Forklifts and pallets are ubiquitous in all industries and critical assets needed to keep bulk goods moving within and between countries. The global pallet market reached a value of US$ 57.6-billion in 2021 and is projected to reach US$ 75.9-billion by 2027, at a compound annual growth rate (CAGR) of 4.9% during 2022-2027.
The statistics are from the ResearchAndMarkets.com report on The Pallet Market: Global Industry Trends, Share, Size, Growth, Opportunity and Forecast 2022-2027″. It analyses the key trends in each sub-segment of the global pallet market along with forecasts at global, regional and country levels for the next five years.
The abrupt lockdown of supply chains in 2020/21 caused critical disruption across suppliers like pallet manufacturers as agricultural products and commodities movement slowed or stopped, and demand dropped.
However, when economies resumed as the pandemic began to subside, log suppliers and sawmills could initially not meet demand, and prices escalated. The shortage of wood and high prices affected the southern African and international pallet industries leading to fewer pallets built and constrained supply.
Neil Murray of Pinnacle-SA says the report confirms his experience and that of his pallet manufacturing customers. “The demand for pallets to move goods in southern Africa is strong, despite an increase in recycling and repairing pallets and plastic alternatives.”
Murray is managing director of Pinnacle-SA (formerly Multisaw), the South African manufacturing company specialising in designing and manufacturing semi-automated solutions for the sawmilling and wood processing sector.
He says wood pallets remain popular because they are durable, lightweight, and cost-effective. There are two main types of wooden pallets, block pallets and stringer pallets. Block pallets are made with wooden blocks for support, while stringer pallets use wooden stringer boards to bear the weight of the load.
Block pallets, the most commonly used in Europe, are traditionally made of softwood. Stringer pallets are made of soft or hardwoods, with the hardwood stringer pallets more common in North America. The main advantage of block pallets is that they are structurally stronger and accessible by a forklift from four sides. A stringer pallet can only be accessed from two sides.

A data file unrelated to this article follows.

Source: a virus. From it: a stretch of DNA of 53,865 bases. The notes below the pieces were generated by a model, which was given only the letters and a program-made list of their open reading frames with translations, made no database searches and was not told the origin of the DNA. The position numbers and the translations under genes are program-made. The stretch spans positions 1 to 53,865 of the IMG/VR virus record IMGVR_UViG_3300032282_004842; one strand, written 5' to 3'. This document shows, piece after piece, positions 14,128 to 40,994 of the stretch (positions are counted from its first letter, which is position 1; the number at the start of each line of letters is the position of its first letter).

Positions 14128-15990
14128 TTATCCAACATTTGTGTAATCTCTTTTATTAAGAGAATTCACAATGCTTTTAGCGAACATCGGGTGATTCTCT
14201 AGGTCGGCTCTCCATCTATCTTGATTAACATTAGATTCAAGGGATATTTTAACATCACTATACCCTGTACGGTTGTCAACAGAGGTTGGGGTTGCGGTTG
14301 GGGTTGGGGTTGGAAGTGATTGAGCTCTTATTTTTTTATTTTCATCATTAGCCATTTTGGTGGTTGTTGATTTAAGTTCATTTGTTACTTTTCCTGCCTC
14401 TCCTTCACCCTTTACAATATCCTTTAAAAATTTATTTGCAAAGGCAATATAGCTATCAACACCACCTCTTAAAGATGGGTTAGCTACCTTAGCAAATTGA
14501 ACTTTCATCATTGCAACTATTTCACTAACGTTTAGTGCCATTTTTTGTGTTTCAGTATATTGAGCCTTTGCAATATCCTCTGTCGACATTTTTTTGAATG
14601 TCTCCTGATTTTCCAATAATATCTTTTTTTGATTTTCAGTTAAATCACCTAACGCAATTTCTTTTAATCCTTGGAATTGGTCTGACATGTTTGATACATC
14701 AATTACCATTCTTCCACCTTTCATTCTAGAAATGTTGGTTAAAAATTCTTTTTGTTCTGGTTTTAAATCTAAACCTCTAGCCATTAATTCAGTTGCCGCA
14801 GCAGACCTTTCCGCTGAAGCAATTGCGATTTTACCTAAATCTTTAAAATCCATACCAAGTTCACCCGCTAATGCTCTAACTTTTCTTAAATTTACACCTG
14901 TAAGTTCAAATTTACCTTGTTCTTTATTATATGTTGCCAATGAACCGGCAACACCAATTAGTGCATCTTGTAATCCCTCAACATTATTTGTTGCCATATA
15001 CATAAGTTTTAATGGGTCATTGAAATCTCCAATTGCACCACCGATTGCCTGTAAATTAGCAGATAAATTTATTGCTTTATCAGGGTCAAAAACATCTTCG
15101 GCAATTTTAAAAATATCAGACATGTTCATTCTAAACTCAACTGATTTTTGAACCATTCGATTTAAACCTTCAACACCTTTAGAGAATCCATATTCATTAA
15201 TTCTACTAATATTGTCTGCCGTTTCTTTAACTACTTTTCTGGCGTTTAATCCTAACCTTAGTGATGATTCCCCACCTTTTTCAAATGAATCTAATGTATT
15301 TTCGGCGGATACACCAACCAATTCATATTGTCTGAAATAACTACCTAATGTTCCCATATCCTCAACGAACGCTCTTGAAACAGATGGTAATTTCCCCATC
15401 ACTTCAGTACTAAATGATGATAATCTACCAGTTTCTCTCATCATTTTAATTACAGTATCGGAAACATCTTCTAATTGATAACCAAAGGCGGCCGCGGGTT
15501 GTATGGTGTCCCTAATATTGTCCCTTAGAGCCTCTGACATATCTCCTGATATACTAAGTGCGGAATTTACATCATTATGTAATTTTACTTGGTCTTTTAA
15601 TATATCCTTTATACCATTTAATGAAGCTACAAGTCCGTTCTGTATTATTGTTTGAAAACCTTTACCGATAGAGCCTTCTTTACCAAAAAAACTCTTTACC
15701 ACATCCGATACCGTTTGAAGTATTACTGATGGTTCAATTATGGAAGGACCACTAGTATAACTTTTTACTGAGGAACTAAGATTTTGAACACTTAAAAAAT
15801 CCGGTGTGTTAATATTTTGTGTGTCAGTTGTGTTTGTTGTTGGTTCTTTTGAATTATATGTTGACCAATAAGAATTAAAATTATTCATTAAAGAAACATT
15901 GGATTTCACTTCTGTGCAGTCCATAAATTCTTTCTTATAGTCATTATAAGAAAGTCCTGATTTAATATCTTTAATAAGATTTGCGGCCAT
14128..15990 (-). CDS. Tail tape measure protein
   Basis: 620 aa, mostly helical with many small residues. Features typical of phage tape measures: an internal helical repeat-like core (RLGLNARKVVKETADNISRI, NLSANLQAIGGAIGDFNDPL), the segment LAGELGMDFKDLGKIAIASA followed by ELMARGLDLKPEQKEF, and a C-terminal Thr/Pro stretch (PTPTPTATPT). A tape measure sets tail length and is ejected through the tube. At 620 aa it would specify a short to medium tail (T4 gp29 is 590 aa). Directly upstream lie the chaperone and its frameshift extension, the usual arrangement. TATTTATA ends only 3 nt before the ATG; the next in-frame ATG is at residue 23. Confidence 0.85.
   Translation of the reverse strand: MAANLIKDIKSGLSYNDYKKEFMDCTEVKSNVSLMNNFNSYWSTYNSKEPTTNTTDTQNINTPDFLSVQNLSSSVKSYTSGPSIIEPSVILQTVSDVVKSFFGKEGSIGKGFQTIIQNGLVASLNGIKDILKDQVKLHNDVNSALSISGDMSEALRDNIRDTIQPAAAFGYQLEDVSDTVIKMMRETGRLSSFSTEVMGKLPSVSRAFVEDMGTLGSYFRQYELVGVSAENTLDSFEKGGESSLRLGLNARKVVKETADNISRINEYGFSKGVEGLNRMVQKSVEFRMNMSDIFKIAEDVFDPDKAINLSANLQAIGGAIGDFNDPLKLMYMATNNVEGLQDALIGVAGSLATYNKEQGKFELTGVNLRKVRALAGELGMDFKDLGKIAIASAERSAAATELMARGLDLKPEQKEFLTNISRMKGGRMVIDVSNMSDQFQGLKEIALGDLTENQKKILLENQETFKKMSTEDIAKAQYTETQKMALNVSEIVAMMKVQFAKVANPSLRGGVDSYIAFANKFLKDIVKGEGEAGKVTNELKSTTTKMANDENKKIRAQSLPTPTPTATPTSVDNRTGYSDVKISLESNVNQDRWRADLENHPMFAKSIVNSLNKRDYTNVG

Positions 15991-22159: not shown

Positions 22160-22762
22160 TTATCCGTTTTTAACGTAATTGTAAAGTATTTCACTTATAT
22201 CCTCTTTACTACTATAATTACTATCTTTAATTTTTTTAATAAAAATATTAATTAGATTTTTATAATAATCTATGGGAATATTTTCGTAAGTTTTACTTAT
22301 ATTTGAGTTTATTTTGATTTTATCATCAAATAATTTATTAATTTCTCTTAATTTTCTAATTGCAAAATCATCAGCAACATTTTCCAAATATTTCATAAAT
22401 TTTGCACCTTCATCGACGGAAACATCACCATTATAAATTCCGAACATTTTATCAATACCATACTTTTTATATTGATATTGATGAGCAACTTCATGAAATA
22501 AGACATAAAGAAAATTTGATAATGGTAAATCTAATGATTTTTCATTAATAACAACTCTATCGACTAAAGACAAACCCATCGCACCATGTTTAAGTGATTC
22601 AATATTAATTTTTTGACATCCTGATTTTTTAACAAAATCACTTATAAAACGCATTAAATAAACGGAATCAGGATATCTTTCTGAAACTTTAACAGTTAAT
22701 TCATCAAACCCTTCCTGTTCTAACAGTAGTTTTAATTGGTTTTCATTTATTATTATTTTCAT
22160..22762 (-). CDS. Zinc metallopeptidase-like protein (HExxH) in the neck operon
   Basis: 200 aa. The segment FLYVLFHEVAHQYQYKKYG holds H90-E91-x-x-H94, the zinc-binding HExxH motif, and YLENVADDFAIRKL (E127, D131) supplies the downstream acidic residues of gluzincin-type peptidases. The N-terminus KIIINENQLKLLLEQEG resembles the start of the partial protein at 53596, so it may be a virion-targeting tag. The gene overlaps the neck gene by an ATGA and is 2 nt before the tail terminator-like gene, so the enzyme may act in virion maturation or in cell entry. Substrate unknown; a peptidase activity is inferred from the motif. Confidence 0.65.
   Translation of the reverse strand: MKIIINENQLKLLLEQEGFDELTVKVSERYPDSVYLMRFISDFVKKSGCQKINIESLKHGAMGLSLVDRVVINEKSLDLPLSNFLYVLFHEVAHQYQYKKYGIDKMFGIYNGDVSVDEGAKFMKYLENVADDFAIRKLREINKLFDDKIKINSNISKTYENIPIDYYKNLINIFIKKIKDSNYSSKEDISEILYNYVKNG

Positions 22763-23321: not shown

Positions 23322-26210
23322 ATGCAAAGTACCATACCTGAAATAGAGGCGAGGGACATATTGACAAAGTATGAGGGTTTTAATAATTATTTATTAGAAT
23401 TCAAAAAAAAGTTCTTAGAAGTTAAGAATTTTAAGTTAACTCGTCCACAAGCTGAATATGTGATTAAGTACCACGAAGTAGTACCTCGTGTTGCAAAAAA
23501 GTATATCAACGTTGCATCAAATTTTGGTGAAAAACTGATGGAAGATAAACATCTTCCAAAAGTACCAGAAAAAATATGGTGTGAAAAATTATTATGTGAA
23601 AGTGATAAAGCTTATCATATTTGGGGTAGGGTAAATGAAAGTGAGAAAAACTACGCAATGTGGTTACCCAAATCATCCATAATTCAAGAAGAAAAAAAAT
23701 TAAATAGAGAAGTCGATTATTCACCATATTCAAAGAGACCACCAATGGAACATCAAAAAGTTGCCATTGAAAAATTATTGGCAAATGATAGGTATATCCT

While block pallets have a long lifespan and need less frequent repairs than stringers, the downside is that the blocks can’t be repaired and must be replaced. They use more materials and are more expensive.
Despite the disadvantages, the more versatile block pallet is beginning to dominate as the growth in international trade puts pressure on industries to standardise the type of wood pallet they use. For example, CHEP (Commonwealth Handling Equipment Pool), the owner of the blue pallets on every continent and the largest pallet pooling service in the world, only uses block wood pallets.
Murray says that apart from the large pallet manufacturers like CHEP, several sawmills are manufacturing pallets to increase their recovery and broaden their market exposure.
“We are also receiving enquiries from entrepreneurs who have access to wood and want to start a small pallet manufacturing business for local non-exporting companies producing vegetables, fruit, furniture, packaging and other commodities.”
The Pinnacle-SA team has designed and developed a block saw to semi-automate the block cutting process. The Pinnacle Block Saw is a single-bladed, carousel-style saw that increases the output piece count for block pallet manufacturing.
The design allows for multiple block sizes and adjustments for block lengths to be done effortlessly.
Up to 10 pieces of timber 70 mm to 120mm wide and 90mm thick can be loaded at once. It accurately cuts blocks between 50mm and 200mm long at a rate of up to 3,800 blocks per hour. The pieces are ejected and can either be collected manually or fed onto a conveyor.
By: Joy Crane
Source: WoodBiz Africa Magazine